Lab helps Metro find escalator fixes

Bill O'Leary/The Washington Post - Elevator/Escalator instructor Bobby Mizelle addresses members of Fairfax county Fire & Rescue at Metro's escalator/elevator lab and repair center on Dec. 10, 2012 in Landover.

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At the end of a long corridor in a building the length of three football fields, engineers and technicians are trying to find solutions to one of the Metro system’s most vexing problems: escalators and elevators that won’t go up and down.

Housed in the transit agency’s service complex in Landover, Metro’s escalator/elevator training lab is equipped with more than $1 million worth of equipment. It is where Metro workers learn the ins and outs of maintaining and troubleshooting the system’s 588 escalators and 283 elevators.

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Broken escalators are a chronic complaint among Metro riders and a perpetual headache for Metro officials. Even though WMATA has poured millions of dollars into repairs, maintenance and replacement, out-of-service escalators remain a problem.

Even recently replaced ones are not trouble-free. In their first few months of operation, three escalators at the south entrance of the Dupont Circle station have experienced about 20 outages ranging from 10 minutes to two days. And while Metro officials maintain that such occurrences are part of a “breaking-in” period, that is of little comfort to riders.

Officials opened the training lab in 2006 to have a place to offer hands-on training. Previously, officials had to take escalators and elevators out of service in order to give workers the experience required to do the job.

“The big benefit allows us to troubleshoot problems without having to interrupt service,” said Rodrigo Bitar, head of Metro’s elevator and escalator division.

Two elevators and an escalator dominate the two-story room, which is open 24 hours a day, seven days a week to allow technicians the freedom to work as long and as late as they choose. The equipment has clear sides so that workers — and visitors — can see the guts of the machinery. The escalator is a Westinghouse Modular 100, the most common model in the Metro system and one that comes with a long history of problems.

Metro was the first transit authority to open such a facility, Bitar said. Today, more are following WMATA’s lead. New York’s Metropolitan Transportation Authority opened an escalator training lab in 2009, and Philadelphia’s Southeastern Pennsylvania Transportation Authority is halfway through construction of its lab, which is expected to be finished next year and has begun training workers.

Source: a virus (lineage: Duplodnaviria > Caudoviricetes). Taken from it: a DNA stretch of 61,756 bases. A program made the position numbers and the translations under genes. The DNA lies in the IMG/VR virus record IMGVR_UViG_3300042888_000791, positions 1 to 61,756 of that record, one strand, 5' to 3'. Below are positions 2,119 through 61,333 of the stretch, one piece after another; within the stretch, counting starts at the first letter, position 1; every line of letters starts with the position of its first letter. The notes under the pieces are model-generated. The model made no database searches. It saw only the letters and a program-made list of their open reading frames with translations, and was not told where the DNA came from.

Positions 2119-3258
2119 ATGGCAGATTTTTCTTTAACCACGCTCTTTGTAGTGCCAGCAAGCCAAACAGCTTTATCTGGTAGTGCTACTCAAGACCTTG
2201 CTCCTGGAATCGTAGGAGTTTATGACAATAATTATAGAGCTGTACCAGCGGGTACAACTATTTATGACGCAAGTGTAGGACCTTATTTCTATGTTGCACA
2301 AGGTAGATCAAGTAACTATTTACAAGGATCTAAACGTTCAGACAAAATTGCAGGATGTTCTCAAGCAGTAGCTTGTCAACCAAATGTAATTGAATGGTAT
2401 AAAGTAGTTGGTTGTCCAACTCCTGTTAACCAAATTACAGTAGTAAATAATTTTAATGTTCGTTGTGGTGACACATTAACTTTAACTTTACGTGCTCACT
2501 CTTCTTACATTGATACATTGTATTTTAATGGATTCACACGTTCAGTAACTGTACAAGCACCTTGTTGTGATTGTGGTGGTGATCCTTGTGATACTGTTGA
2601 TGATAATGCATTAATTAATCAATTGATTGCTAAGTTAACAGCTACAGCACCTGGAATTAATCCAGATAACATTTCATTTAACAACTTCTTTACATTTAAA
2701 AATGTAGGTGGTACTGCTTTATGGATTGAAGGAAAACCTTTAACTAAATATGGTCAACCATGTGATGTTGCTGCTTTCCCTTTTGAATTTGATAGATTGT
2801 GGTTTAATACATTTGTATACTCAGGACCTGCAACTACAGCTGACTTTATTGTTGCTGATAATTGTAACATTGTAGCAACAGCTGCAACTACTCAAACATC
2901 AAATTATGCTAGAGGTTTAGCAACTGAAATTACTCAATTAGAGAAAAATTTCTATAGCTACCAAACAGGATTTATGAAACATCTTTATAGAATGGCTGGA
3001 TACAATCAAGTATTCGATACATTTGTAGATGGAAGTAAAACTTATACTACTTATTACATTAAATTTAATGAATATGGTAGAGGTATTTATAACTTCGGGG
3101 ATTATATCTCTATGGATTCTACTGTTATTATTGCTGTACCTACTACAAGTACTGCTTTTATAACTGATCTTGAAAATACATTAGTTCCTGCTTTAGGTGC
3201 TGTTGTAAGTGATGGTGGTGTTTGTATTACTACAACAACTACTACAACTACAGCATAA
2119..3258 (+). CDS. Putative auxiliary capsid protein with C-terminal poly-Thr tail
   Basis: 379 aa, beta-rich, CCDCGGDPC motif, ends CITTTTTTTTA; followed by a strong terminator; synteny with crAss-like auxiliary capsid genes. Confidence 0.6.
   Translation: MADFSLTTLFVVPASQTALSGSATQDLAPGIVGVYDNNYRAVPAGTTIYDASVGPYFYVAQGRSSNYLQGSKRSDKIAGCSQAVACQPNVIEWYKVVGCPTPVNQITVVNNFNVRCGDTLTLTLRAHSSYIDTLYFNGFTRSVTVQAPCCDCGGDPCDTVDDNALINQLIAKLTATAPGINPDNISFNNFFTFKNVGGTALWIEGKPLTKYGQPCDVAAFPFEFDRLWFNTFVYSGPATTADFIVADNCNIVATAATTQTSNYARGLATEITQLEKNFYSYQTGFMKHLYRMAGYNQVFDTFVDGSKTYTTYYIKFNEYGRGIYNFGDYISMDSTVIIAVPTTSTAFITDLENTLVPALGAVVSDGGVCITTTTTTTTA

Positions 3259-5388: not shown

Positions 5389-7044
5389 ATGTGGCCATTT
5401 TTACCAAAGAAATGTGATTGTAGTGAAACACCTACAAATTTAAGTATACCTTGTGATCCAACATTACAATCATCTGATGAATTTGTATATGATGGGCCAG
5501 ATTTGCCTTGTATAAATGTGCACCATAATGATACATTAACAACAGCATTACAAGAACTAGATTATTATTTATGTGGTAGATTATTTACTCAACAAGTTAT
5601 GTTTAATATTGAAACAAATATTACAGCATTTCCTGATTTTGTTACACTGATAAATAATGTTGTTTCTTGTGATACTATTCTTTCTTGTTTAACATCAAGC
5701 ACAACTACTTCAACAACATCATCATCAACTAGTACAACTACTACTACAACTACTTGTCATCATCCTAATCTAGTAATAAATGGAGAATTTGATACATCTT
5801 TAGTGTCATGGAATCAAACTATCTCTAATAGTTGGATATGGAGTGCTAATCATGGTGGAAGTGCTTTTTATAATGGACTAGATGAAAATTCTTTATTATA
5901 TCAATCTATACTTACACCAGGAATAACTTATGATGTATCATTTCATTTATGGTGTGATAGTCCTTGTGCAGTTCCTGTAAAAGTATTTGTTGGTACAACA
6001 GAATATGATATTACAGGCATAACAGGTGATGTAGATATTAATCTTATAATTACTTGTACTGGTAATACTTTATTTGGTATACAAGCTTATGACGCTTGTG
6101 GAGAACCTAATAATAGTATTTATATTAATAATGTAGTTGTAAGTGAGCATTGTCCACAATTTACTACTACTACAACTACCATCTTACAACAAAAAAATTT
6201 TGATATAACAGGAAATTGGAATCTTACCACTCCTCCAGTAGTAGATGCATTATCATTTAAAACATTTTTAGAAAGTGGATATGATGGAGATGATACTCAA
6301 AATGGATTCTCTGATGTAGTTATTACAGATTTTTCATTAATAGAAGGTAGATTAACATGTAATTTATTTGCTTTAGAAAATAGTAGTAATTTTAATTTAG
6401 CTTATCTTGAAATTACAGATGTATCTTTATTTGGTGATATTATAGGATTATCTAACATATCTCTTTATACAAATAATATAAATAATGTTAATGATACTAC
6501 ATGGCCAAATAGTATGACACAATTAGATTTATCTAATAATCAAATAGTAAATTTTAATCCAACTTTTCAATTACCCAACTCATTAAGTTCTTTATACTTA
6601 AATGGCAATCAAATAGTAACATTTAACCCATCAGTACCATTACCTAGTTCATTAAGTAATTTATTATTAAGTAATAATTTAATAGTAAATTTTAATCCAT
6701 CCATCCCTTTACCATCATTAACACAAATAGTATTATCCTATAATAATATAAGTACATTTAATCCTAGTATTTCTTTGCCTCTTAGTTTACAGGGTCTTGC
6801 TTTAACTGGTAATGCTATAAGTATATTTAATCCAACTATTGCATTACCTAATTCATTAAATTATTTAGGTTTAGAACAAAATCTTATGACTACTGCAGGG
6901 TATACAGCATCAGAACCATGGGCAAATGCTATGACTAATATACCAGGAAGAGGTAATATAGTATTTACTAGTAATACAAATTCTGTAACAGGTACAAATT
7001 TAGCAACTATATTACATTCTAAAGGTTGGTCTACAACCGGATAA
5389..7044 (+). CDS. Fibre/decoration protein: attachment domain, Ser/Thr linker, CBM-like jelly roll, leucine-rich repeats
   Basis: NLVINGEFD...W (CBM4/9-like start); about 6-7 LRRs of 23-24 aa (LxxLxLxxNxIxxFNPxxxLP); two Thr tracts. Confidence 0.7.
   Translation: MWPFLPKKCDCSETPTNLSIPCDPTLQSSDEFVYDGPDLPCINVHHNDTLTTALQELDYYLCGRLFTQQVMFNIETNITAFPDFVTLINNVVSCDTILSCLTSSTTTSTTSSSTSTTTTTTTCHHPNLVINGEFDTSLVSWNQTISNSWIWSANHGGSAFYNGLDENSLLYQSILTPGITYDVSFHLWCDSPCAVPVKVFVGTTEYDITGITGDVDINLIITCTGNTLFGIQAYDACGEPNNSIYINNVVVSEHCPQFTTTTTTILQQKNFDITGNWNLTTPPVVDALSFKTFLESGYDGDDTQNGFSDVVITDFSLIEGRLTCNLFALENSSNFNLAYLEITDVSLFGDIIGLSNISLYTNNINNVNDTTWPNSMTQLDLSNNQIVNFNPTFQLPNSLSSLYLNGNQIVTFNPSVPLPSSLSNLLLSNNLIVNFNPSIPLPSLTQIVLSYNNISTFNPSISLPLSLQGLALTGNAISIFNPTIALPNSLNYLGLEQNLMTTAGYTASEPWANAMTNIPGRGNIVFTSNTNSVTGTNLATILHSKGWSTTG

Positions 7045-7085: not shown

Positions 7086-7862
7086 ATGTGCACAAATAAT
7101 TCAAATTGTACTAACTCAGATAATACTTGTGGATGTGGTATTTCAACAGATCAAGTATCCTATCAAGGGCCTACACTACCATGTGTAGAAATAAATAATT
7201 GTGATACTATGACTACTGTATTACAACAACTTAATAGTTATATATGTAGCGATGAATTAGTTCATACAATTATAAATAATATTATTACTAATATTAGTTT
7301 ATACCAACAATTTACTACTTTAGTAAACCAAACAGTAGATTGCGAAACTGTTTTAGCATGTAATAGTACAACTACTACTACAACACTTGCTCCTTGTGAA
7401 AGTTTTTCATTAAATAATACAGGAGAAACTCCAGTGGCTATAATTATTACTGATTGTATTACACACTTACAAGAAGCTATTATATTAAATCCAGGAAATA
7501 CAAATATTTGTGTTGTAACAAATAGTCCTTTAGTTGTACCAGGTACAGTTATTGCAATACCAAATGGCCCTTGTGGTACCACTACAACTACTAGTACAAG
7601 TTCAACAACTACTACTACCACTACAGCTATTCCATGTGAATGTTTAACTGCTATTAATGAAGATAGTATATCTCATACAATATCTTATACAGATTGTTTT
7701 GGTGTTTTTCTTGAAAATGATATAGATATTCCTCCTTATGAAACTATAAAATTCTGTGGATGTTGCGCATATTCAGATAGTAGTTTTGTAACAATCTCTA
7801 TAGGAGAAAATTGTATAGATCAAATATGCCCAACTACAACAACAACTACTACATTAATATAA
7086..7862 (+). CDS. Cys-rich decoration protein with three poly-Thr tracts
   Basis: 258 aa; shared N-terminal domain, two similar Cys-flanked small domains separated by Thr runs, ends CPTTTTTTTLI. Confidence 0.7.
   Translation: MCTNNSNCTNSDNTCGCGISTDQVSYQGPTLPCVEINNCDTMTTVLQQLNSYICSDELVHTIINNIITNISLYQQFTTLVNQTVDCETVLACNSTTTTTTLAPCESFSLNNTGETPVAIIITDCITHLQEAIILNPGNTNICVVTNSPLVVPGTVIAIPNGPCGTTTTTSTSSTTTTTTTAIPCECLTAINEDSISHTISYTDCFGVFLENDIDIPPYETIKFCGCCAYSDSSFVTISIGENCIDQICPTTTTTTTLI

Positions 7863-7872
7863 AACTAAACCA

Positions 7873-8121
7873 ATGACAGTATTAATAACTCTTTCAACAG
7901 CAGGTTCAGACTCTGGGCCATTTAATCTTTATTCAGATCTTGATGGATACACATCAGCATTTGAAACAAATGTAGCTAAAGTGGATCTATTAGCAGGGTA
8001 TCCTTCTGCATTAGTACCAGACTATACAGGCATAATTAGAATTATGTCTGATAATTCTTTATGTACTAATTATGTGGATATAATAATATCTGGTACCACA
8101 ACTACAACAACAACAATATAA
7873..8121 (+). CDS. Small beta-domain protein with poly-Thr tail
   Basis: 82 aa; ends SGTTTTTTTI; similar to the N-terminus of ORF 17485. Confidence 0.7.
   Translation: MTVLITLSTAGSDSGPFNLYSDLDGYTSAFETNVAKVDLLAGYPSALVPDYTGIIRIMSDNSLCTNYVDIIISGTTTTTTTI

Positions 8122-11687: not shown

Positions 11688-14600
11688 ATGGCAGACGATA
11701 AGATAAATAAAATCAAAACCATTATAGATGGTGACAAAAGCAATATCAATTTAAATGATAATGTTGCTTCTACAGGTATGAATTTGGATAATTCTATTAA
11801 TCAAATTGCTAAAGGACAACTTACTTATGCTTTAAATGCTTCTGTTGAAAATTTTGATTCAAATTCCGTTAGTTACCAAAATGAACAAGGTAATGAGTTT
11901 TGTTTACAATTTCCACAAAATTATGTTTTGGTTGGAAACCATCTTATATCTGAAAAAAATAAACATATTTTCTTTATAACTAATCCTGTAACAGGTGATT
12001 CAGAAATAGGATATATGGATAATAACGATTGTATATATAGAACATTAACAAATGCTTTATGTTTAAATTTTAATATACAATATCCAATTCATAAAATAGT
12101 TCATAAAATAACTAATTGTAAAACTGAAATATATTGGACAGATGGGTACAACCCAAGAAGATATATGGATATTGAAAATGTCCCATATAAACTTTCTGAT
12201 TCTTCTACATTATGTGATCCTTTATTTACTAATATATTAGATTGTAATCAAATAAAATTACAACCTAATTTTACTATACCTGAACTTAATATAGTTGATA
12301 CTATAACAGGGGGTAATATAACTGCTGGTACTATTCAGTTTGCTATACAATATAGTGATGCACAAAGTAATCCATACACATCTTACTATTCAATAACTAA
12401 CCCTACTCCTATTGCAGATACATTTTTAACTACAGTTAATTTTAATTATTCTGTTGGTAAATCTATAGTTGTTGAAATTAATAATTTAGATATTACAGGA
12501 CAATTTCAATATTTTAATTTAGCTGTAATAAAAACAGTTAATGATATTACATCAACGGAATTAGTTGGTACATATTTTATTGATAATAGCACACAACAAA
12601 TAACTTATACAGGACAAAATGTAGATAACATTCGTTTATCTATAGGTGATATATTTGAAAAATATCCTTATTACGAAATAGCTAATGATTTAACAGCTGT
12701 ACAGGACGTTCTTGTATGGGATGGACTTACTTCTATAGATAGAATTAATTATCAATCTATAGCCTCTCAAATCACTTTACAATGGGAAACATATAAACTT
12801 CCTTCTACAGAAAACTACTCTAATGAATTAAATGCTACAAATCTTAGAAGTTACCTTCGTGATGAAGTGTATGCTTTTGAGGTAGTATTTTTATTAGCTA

Each month, about 200 to 300 people go through Metro’s training and refresher courses. Metro has used the lab to train almost 100 new technicians through its own program. Most of those who pass through the lab are Metro employees, but the agency also brings in local public safety agencies to familiarize rescue workers with the equipment in case their assistance is needed during an emergency.

Engineers and technicians have used the equipment in the lab to experiment with a variety of fixes to stubborn problems, said Madhavan Kozhipurath, an engineering manager in the elevator and escalator division.

In one example, Metro officials had repeated problems with escalator handrails. Handrails need to move at the same speed as the escalator’s steps, but they can malfunction when passengers pull at or sit on the handrails.

Using the lab, engineers and technicians realized that they could prevent the problem by going into the drive units that move the handrails and replacing the rubber belts with metal chains.

“If we want to hit the root cause, it’s going to take time,” Bitar said. “This way, we can remove the faulty component, bring it to the lab and spend as much time as we need to without having to interfere with service.”

Technicians also used the lab to come up with a fix for a problem that emerged when an escalator malfunctioned in November 2011 at L’Enfant Plaza after Jon Stewart and Stephen Colbert’s Rally to Restore Sanity and/or Fear. Six people were injured after an escalator unexpectedly sped up, and one of the causes of the malfunction was an oily brake pad. Technicians set to work finding a way to shield brake pads from oil leaks, Bitar said. Eventually, they came up with a small shield to protect the pads.

Still, while having a lab may help in some instances, it hasn’t solved all of the transit authority’s problems. That’s because Metro has more escalators than any other transit system in North America and more than 75 percent of the units are at least 25 years old. The authority has been faulted for not maintaining them more aggressively. Metro officials said that’s changing.

A check of Metro’s Web site one day this week showed 540 escalators working, 22 undergoing scheduled maintenance and 26 in unplanned outages. Of the system’s elevators, four were out of service for routine maintenance and two were experiencing unplanned outages.

Bitar said the reality is that at any given time, something is going to be out of service.

“Unfortunately, our system is such a size that to keep it in a state of good repair means we’re going to have to continually rehab escalators,” Bitar said.

 
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